In recent weeks, there have been a total of 69 known threats at 54 Jewish Community Centers across the country, spreading across 27 states, according to CBS News. On Monday, 11 JCCs received threatening calls, as reported by the Huffington Post. This is a very serious succession of threats in a very short amount of time, and both Jewish organizations and political leaders are speaking out about the Trump Administration's general hesitation to address the issue. In a tweet early Tuesday morning, Hillary Clinton called out Trump's reluctance to decry attacks on Jewish communities, and it's powerful to say the least.
According to the Huffington Post, the latest incidents were reported at Jewish Community Centers in St. Paul, Minnesota; Buffalo and Amherst, New York; Birmingham, Alabama; Houston; Cleveland, Ohio; Whitefish Bay, Wisconsin; Nashville; Albuquerque, New Mexico; Tampa, Florida; and Chicago. For many of these community centers, it wasn't the first threat that's been made in the past few weeks. In addition, WJLA.com, out of Washington D.C., reported that more than 100 headstones at a historic Jewish cemetery were vandalized recently, with reports of the damage coming in Monday morning. All of this has led many to speak out about the threats, and some have been less-than-pleased with the response Trump and the White House have offered.
In a tweet early Tuesday morning, Hillary Clinton stated, "JCC threats, cemetery desecration & online attacks are so troubling & they need to be stopped. Everyone must speak out, starting w/ @POTUS," specifically calling out President Donald Trump and his response to the threats and general rise of anti-Semitic sentiments in recent days.
A White House eventually official put out a statement about the incidents, stating:
Hatred and hate-motivated violence of any kind have no place in a country founded on the promise of individual freedom. The President has made it abundantly clear that these actions are unacceptable.
But many say Trump hasn't said enough, and that the response is too little, too late. Some pointed out that the President's response to the threats hasn't been clear at all, specifically in reference to Trump's handling of a question about the incidents by a Jewish reporter at his press conference last week. Senior Analyst at Whitman Insight Strategies, Matt McDermott, tweeted:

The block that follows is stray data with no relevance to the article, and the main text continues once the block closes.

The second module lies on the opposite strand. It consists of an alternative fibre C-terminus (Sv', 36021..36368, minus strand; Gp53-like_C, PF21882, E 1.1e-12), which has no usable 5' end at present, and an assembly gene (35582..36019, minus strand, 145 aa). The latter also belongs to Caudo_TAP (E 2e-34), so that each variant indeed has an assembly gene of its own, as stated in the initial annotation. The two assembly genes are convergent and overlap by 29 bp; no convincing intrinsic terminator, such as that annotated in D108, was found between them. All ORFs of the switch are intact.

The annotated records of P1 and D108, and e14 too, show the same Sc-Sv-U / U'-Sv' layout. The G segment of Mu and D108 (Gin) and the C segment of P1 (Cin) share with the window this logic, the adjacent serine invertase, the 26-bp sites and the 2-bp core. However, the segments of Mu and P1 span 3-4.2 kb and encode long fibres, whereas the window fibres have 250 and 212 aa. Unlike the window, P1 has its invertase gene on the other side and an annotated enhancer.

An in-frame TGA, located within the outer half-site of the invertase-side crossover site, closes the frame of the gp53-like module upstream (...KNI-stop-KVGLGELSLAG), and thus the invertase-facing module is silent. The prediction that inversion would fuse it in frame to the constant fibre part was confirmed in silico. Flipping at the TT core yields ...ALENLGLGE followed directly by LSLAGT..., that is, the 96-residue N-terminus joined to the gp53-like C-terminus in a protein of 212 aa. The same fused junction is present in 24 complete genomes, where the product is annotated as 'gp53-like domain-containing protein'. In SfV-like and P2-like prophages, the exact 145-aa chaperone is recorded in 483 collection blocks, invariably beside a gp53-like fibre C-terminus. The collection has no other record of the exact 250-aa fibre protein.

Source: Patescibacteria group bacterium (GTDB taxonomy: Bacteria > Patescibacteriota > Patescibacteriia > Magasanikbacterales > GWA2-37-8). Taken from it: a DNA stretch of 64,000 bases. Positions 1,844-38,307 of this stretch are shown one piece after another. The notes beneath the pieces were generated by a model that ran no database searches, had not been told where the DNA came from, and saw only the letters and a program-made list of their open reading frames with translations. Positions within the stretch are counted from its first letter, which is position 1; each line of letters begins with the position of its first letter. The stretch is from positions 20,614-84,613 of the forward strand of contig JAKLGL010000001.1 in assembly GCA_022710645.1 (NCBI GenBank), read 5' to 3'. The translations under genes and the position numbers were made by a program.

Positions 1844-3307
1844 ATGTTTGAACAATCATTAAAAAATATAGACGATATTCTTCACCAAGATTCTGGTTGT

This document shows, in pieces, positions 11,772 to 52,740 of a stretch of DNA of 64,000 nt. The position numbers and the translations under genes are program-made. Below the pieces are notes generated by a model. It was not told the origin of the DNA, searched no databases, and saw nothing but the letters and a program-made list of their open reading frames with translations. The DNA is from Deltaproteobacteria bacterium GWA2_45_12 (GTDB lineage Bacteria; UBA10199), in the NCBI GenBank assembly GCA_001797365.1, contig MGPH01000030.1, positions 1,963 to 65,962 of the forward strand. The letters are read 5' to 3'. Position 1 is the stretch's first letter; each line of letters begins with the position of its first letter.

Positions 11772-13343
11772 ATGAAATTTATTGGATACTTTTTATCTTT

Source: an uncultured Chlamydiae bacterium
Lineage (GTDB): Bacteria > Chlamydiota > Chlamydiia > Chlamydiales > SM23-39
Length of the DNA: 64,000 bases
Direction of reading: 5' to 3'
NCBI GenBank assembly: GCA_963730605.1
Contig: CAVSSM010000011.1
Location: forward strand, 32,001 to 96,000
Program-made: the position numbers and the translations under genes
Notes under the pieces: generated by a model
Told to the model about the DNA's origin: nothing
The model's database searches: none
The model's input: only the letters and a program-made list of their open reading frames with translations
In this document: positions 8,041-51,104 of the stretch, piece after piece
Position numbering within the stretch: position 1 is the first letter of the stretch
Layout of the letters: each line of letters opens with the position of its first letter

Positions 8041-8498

"No, Trump hasn't said threats against Jewish centers 'are unacceptable.' In fact, when asked about it this week he called reporter a liar." In the tweet, he included a side-by-side of the statement released, alongside a quote from an article about the way Trump tackled the question from a Jewish reporter, which said, "In response to a question Thursday about threats to Jewish centers nationwide, Trump called a Jewish reporter a liar, told him to sit down and later said anti-Semitism was coming from 'the other side.'"
Lately, Clinton has only tweeted every couple of days, and she usually is very particular about tweeting specifically about something in the news cycle. The fact that she chose to speak out about these threats, out of everything she could talk about on Twitter, speaks volumes.
Following her loss in the recent presidential election, Clinton is technically a private citizen now. But what she chooses to speak out about and draw attention to is still important, given her vast political experience and lifetime of public service.
The attacks against Jewish Community Centers are appalling, and reminiscent of actions Hitler's regime took prior to the Holocaust, according to Data Scientist Emily Gorcenski on Twitter. Yesterday, she pointed out that, "Vandalism of Jewish cemeteries is literally a form of desecration practiced by the Nazis. This is not hyperbole. It is literal."
In one tweet, Clinton addressed the issue, specifically denounced the threats and grave desecration, and said they need to stop. She also went one step further and implied that the president needs to be more forceful in speaking out against them. It was a necessary statement in the face of terrifying oppression and hate.